One defendant compared himself to Jesus. Another ranted and showed videos of protesters chanting, “White lives matter.” A lawyer played a five-minute neo-Nazi propaganda video in his closing argument.

The last day at the U.S. district judge Norman Moon’s landmark civil trial regarding the unrest surrounding the Charlottesville rally of Unite The Right was wild. Nine plaintiffs were injured at the rally and are seeking millions of dollars in damages. Attorneys for the plaintiffs say their goal is to financially cripple the defendants, a who’s who of the American racist right, and ensure nothing like Charlottesville ever happens again.

That weekend in August 2017, clean-cut white men marched with lit tiki torches chanting, “Jews will not replace us.” White supremacists clashed with counter-protesters, causing riots. Neo-Nazi James Fields drove his car into a crowd, killing Heather Heyer. Fields was convicted of murder and sentenced to life in prison.

The lawsuit claims the defendants, two dozen prominent white supremacist leaders and neo-Nazi organizations, engaged in a conspiracy to commit racially motivated violence against nonwhite and Jewish people in Charlottesville. For the last month, plaintiff’s attorneys have presented evidence, including hundreds of thousands of leaked, secret communications from the messaging platform Discord and text messages between the rally organizers, to show the violence that weekendPremeditated, planned and celebrated.    

White supremacists financially crippling:Leaders of white supremacist organizations have been crippled by a lawsuit over Charlottesville’s ‘Unite the Right” rally.

The police are blamed by the defendants for their violenceCharlottesville, Virginia civil trial defendants blame police for the violence during the 2017 Unite the Right rally

Amy Spitalnick (executive director, Integrity First for America), a non-profit civil right organization, stated that the case has progressed as planned.

“Our plaintiffs have provided overwhelming evidence that Unite the Right was never intended to be a peaceful protest – rather, it was a meticulously planned weekend of racist, antisemitic violence,” Spitalnick said. “We’re incredibly proud to support these courageous plaintiffs as they seek much-needed accountability and justice.”

An array of defenses

A patchwork of defenses has been offered by white supremacists.

Some have argued that they weren’t involved with the planning of the rally at all. Some claim they first met in Charlottesville. Richard Spencer, a former leader of “alt-right,” a white supremacist/nationalist movement, as well as Christopher Cantwell, a neoNazi Podcaster, tried to make the trial a referendum about free speech in America.

Moon quickly rebuffed those extravagant arguments on Thursday. Moon reprimanded the defendants and told them to stay focused on the facts and to not ramble about possible consequences.

Moon was unable to stop defendants turning their trial into an advertisement for hateful views and personal brand. Cantwell, who is perhaps most famous for weeping uncontrollably in YouTube videos, has sought to portray himself as a martyr for the First Amendment. Spencer has made lofty speeches while dropping hints that he sees himself a reasonable adult in a room full of hate-filled children. 

Defendants have openly used the N-word in court, made racist and antisemitic jokes and spoken at length about their admiration of Adolf Hitler.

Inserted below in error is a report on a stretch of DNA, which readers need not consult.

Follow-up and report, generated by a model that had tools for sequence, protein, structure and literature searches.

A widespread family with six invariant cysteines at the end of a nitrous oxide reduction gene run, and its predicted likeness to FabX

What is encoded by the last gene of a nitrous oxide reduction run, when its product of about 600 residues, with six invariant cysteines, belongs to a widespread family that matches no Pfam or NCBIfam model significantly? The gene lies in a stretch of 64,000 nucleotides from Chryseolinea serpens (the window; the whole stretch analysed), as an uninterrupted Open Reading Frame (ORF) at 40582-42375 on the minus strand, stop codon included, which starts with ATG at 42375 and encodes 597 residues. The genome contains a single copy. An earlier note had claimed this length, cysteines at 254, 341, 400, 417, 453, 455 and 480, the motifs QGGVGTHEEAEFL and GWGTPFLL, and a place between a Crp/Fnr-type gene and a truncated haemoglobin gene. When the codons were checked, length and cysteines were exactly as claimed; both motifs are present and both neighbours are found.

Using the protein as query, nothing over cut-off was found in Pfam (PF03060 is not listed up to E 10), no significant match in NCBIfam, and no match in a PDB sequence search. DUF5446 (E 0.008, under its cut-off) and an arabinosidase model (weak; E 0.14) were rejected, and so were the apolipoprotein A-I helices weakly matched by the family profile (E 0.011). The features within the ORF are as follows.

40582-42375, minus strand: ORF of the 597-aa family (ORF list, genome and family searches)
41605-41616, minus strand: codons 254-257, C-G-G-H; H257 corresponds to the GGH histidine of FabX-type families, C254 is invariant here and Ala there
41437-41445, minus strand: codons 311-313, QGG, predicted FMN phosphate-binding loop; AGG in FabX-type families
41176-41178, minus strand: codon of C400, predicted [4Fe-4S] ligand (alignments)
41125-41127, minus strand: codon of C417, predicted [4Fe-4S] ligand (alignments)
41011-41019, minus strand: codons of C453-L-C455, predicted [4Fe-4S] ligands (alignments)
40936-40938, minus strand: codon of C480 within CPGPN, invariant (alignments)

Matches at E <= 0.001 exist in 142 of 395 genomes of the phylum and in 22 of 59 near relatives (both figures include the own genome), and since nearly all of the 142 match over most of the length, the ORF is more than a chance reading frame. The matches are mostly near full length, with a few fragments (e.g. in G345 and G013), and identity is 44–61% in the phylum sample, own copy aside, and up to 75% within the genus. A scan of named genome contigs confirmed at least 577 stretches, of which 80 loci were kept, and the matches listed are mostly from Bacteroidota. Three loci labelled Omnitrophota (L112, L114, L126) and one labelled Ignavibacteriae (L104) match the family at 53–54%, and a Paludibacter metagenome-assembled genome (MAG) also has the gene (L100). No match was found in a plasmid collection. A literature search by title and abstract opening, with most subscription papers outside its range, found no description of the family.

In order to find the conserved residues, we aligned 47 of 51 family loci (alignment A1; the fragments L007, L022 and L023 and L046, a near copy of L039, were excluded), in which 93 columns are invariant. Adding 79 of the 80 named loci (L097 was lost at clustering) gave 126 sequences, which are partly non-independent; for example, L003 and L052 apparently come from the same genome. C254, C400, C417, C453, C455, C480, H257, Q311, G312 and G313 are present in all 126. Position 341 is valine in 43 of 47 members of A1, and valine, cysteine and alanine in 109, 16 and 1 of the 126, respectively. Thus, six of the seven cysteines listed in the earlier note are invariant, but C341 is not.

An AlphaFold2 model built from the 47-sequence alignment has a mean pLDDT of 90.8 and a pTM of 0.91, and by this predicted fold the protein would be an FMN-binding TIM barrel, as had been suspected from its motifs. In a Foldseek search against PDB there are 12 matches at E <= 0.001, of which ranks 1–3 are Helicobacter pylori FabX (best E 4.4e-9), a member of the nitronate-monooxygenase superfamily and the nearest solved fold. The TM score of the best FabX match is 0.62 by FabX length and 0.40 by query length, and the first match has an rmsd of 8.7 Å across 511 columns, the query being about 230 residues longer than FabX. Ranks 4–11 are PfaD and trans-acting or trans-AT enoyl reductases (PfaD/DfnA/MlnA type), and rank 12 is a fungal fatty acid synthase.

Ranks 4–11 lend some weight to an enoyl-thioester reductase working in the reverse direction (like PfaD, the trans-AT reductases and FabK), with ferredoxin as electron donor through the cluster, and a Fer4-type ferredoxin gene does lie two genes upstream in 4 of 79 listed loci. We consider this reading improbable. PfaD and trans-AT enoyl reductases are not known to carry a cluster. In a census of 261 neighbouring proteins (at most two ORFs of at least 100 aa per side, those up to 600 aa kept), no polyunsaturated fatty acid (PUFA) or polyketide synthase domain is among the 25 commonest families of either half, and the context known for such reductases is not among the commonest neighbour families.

Matthew Heimbach of Paoli, Ind., who founded the Traditionalist Worker Party in 2013, speaks Oct. 28, 2017, at the White Lives Matter rally in Shelbyville, Tenn.

Neo-Nazi propaganda video filmed in court

Showboating reached an unusual nadir on Thursday afternoon, when Joshua Smith, an attorney of the now-defunct white extremist group the Traditionalist Workers Party played a video about white supremacist recruiting at the close to his closing statement. 

It was neoNazi propaganda filled with hateful conspiracy theories and debunked facts about Jews. But everyone in the courtroom and hundreds of people listening via a conference call had to sit through it, eliciting Reactions shockedSocial media From journalists and others following the case.

After Spencer compared himself with Jesus, the judge cut Spencer off.

“What got him executed? What made him the object of hatred?” Spencer said of Jesus. Moon interjected, saying, “I don’t know where you’re going with this.”

“You can’t cut me off,” Spencer pleaded.

“When you get out of line, I have to,” Moon responded.  

Plantiff’s lawyer: An elaborate conspiracy to break skulls

Karen Dunn and Roberta Kaplan were the co-lead attorneys for the plaintiffs. She told the jury that conspiracy is a legal construct, one with a clear definition and parameters.

Dunn explained that conspirators don’t have to be only trying to do illegal acts. The rally was permitted and legal, she said, but the defendants’ communications showed they were planning on more than just raising their voices. 

Addressing each defense in turn, Dunn noted that attendees need not have known one another beforehand in order to be engaged in a conspiracy. She said it’s not legally necessary for the conspirators to have foreseen that a specific illegal act would happen.

However, it is clear that the Charlottesville defendants planned the rally’s outcome in advance.Dunn stated as much. 

“This was not about a little fistfight, a little scuffle,” Dunn said. “This was about raising an army for the cracking of skulls.”

The plaintiffs – a minister, students and other Charlottesville residents – have won default judgments against seven of the 24 defendants, with the penalties to be decided by the jury. Three other defendants were penalized by the court with five-figure fines. They failed to appear for depositions or produce evidence. 

Friday will see the jury convene to start deliberations. 



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